Regulating marine genetic resources in areas beyond national jurisdiction

Marine genetic resources are likely to be useful for the development of new drugs, compounds, for use in food and industrial process, among others. For both pharmaceutical companies and researchers, this offers an opportunity to engage in marine bioprospecting, by searching for new genes and biomolecules of plants and animals located in oceans. Despite the value marine genetic resources offer, their use is not well regulated.


There are currently gaps in the international legal framework that exists around the use of marine genetic resources. Different legal instruments exist which are related to marine biodiversity and access and benefit sharing (ABS). These include Convention of Biological Diversity and its Nagoya Protocol. The ITPGRFA is also a useful model applicable to plant genetic resources. However, these agreements place a greater emphasis on the protection of terrestrial genetic resources compared to marine genetic resources. In fact, marine genetic resources that lie beyond the national jurisdiction are not covered under these agreements. There currently lacks a specific legal instrument to regulate their use.


The United Nations Convention on the Law of the Sea (UNCLOS) helps provides some context on marine genetic resources. Under the Convention, marine resources found up to 200 nautical miles of the coast fall within jurisdiction of the coastal state. Yet, approximately 2/3 of the oceans lie beyond the jurisdiction of any one state. The high seas and the deep seas are two distinct areas of the oceans that are home to unique marine wildlife that are beyond national jurisdiction. Since these resources do not belong to any one state, they are subject to the international law. However, the UNCLOS does not provide guidance on marine genetic resources. Hence, marine genetic resources located in places beyond national jurisdiction can be considered “unregulated.”


Negotiations have been underway for many years to develop an international agreement to address the sustainable use of marine resources found in high seas and international sea beds. The first session of the Preparatory Committee, who has been tasked with the role of drafting a text for this purpose, took place in Spring this year. This agreement would fall under the UNCLOS. Member states are divided over the approach for ABS of marine genetic resources.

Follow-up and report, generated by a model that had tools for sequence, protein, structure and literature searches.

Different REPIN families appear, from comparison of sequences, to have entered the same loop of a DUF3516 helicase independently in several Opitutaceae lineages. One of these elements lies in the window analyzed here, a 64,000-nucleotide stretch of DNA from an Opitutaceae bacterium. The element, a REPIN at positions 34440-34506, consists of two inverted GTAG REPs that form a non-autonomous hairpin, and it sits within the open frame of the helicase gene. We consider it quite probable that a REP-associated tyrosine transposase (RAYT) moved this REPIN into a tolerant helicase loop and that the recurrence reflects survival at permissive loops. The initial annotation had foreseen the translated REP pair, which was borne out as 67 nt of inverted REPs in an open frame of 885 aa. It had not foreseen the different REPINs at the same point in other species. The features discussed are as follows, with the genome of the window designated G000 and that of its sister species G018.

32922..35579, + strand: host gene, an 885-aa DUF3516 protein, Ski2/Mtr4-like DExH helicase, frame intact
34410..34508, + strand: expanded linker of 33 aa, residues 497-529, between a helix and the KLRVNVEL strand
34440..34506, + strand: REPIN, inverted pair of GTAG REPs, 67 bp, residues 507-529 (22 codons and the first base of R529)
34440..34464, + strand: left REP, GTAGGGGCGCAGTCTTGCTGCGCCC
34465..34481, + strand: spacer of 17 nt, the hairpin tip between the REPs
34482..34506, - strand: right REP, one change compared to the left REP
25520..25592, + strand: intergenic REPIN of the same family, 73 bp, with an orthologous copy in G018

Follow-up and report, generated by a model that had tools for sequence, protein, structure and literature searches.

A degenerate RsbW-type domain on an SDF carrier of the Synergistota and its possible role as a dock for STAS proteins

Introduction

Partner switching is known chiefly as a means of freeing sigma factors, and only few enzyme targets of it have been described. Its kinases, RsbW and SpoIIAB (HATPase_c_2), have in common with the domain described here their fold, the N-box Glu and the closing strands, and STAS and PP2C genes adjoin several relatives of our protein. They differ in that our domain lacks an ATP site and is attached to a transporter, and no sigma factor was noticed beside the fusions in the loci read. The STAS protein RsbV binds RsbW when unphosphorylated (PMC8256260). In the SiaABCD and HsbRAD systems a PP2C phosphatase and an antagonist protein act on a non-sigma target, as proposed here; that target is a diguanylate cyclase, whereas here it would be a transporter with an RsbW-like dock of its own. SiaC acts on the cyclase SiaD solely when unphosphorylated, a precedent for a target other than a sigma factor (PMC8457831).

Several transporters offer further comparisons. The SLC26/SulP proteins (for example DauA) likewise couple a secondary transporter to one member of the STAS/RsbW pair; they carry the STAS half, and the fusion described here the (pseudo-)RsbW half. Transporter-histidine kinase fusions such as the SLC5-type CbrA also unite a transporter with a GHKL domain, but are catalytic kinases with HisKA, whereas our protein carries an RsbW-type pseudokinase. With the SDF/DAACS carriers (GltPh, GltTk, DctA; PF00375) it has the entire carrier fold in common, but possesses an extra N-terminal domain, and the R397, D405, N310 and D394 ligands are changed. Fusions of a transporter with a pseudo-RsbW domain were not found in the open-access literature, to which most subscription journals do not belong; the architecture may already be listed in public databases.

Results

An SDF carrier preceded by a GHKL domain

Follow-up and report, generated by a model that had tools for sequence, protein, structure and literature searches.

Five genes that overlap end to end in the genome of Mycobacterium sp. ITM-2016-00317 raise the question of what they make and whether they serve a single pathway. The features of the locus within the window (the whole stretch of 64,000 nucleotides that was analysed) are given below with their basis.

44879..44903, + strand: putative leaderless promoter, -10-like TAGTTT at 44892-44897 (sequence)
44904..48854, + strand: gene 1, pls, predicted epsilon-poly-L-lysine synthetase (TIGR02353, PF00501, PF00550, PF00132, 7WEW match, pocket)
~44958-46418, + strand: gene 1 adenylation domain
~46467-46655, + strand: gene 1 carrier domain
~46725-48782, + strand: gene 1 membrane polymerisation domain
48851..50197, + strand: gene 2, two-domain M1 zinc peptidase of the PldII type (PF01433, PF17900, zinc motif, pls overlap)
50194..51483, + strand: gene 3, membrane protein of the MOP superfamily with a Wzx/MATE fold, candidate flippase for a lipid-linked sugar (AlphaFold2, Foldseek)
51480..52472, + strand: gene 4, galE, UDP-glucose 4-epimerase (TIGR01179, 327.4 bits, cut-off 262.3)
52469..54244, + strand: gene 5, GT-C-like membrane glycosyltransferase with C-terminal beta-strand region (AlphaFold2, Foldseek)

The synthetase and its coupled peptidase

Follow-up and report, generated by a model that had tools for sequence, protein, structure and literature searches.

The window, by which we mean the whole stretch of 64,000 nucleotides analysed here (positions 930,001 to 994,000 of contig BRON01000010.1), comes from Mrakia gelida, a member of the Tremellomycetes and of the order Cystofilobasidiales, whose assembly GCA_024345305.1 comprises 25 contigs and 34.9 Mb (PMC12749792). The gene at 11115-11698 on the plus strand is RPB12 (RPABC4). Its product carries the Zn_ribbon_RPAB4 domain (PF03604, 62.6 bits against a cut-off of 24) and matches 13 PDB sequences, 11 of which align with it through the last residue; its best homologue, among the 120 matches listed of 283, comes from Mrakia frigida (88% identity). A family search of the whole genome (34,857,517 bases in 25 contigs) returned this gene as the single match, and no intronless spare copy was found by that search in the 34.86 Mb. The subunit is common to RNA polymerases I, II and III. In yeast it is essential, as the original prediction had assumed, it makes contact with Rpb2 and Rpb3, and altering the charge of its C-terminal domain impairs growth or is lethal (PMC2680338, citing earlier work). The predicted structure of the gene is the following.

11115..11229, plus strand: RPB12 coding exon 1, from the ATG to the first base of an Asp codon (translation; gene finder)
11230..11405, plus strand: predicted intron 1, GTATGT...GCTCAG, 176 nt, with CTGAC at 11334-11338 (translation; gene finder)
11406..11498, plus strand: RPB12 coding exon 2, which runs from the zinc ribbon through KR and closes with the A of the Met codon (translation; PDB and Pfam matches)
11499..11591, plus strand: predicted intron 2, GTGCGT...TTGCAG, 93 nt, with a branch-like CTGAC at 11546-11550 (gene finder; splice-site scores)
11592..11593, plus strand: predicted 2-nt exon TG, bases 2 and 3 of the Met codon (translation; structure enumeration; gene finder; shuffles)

Some states argue that marine genetic resources should be considered as a “common heritage of mankind”. This means that even if countries have the technology to extract the resources, they should not be exploited to the exclusion of other states. Rather, they should be exploited only for the benefit of humankind. The research should be for equitable purposes only.


Other states support the freedom of exploitation approach by arguing that marine genetic resources may be appropriated by any state on a first-come-first-served basis. This is based on the view that research is costly, time-consuming and a risky undertaking. These countries have expressed their openness to some form of benefit sharing such as sharing research results.


The next UN session to discuss the development of a legal instrument on marine genetic resources in areas beyond national jurisdiction will take place from August 26 to September 9 in New York. Some other topics for discussion include capacity building, technology transfer as well as marine management tools. These discussions will help move the way forward in addressing the current gaps in the ABS regime.


For more information, see the following sources:

  1. Greiber, Thomas. Access and Benefit Sharing in Relation to Marine Genetic Resources from Areas Beyond National Jurisdiction - A Possible Way Forward, Federal Agency for Nature Conservation, (Bonn, Germany: Bundesamt für Naturschutz, 2011).
  2. Morgera, Elisa. “Benefit-sharing in marine areas beyond national jurisdiction: where are we at? (Part 1)”, (23 May 2014), Benelex Blog, online: <>.
  3. Salpin, Charlotte. “Marine genetic resources and the law of the sea”,  Division for Ocean Affairs and the Law of the Sea, United Nations (March 2010), online: <>.
  4. “UN Committee begins work on high seas biodiversity pact”,  International Centre for Trade and Sustainable Development (13 April 2016), online: <>.

Photo credit: Ocean” by Jennifer C  // licensed under CC BY 2.0


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